§ 2509] Cities, Towns and Villages – May require, under certain circumstances, for the reservation of parks for playground or other recreational purposes on site plans containing residential units and on subdivision plats containing residential units. If suitable parkland cannot be properly located, may require a sum of money in lieu of parkland which must be deposited into a trust fund to be used exclusively for park, playground or other recreational purposes. [General City Law §§ 27-a, 33; Town Law §§ 274-a, 277; Village Law §§ 7a, 7-730] Counties – May create a county park commission. [County Law § 221] Authorized to establish a county zoo or to fund an existing zoo in the county owned by a municipal corporation. [County Law § 225(1)(l)] Cities – Authorized to acquire real and personal property for any public or municipal purpose, but the rights of a city to its waterfront, land under water, wharves, docks, parks and all other public places are inalienable.
[General City Law § 20(2)]
May control and administer for any business, commercial, maritime or public purpose the waterfront and waterways of the city and provide docks, piers, and wharves. [General City Law § 20(8)] Authorized to establish and maintain institutions and instrumentalities for the recreation of its inhabitants.
[General City Law § 20(16)] Towns and Villages – Authorized to enter into an agreement for the joint acquisition, construction and operation of a public dock. [General Municipal Law § 120-x] Towns – A town board may upon its own motion or shall upon a petition, establish public parks or playgrounds. [Town Law § 81(1)(c)] May, upon adoption of a resolution subject to permissive referendum, establish public parks or playgrounds, acquire necessary lands therefor and equip with buildings, structures and apparatus. [Town Law § 220(3)] Villages - The board of trustees may acquire land for public park, square, athletic field or playground purposes by gift, purchase or condemnation under certain circumstances. [Village Law § 6-624] May acquire or improve public docks. [Village Law § 4-412(3)(8)]
Towns – Authorized to establish park districts. [Town Law Article 12, § 198(4) and Article 12-A] Towns with navigable waters – Authorized to establish public dock districts. [Town Law Article 12 § 198(10) and Article 12-A] School Districts – May join with municipalities in equipping, operating and maintaining playgrounds and neighborhood recreation centers. [General Municipal Law § 244-b] May furnish programs devoted to the welfare of the aging. [General Municipal Law § 95-a] A municipality and the board of education, board of trustees or the trustee of a school district may make and perform agreements providing for the operation by a school district of a youth service, recreation or other project of the municipality. [Executive Law § 422(6)] Selected Court Cases_______________________________________________________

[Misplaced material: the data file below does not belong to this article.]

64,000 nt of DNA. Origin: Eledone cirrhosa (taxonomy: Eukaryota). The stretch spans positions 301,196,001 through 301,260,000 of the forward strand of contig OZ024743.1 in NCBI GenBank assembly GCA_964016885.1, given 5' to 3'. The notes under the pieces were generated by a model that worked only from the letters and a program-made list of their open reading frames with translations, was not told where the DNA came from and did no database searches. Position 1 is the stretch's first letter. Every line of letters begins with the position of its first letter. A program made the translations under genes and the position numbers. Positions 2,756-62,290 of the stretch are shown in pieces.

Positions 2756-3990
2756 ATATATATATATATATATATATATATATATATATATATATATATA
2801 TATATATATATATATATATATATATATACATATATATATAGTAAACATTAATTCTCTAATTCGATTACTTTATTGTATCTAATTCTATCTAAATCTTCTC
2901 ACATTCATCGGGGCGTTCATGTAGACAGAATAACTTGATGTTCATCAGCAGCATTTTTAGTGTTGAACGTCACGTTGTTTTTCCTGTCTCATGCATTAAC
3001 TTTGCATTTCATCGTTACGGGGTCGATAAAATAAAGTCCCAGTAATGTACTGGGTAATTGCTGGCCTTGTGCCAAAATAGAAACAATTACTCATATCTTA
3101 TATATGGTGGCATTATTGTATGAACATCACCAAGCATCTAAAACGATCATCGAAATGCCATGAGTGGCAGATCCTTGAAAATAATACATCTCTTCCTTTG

State v. Town of Horicon (3rd Dept. 2007) 46 A.D.3d 1287, 848 N.Y.S.2d 770. Local law attempting to open eight routes over state forest lands for all terrain vehicles void when town failed to comply with State Environmental Quality Review Act (SEQRA). Adoption of local law was “action” within meaning of SEQRA and State Department of Environmental Conservation, as land manager for affected state forest land, qualified as “involved agency” whose comments should have been solicited. Record shows town performed only “perfunctory” review of possible environmental impacts and could not support ultimate negative declaration. Town similar failed to support determination under Vehicle and Traffic Law §2405.
Friends of Van Cortlandt Park v. City of New York (2001) 95 N.Y.2d 623, 750 N.E.2d 1050. Parkland is impressed with a public trust, requiring legislative approval before it can be alienated or used for an extended period for non-park purposes, even by leasehold.
Huntington Yacht Club v. Incorporated Village of Huntington Bay (2d Dept. 2000), 272 A.D.2d 327, 708 N.Y.S.2d 120. Village and its zoning board of appeals lacked jurisdiction over the applicants proposed dock expansion involving tidewaters and underwater lands since the project was located in the town outside the village, and thus, the positive declaration of environmental significance issued by the board was null and void.
Sierra Club v. Board of Education of City of Buffalo (4th Dept. 1987) 127 A.D.2d 1007, 512 N.Y.S.2d 954, appeal denied 70 N.Y.S.2d 612, 523 N.Y.S.2d 496, 518 N.E.2d 7 (1987). In selecting and approving park as site for school, city, previously empowered by state legislature to discontinue park land, fully complied with mandates of Park, Recreation and Historic Preservation Law, where all feasible and prudent alternatives were explored, and proposals for avoiding or mitigating adverse impacts upon historic site were considered.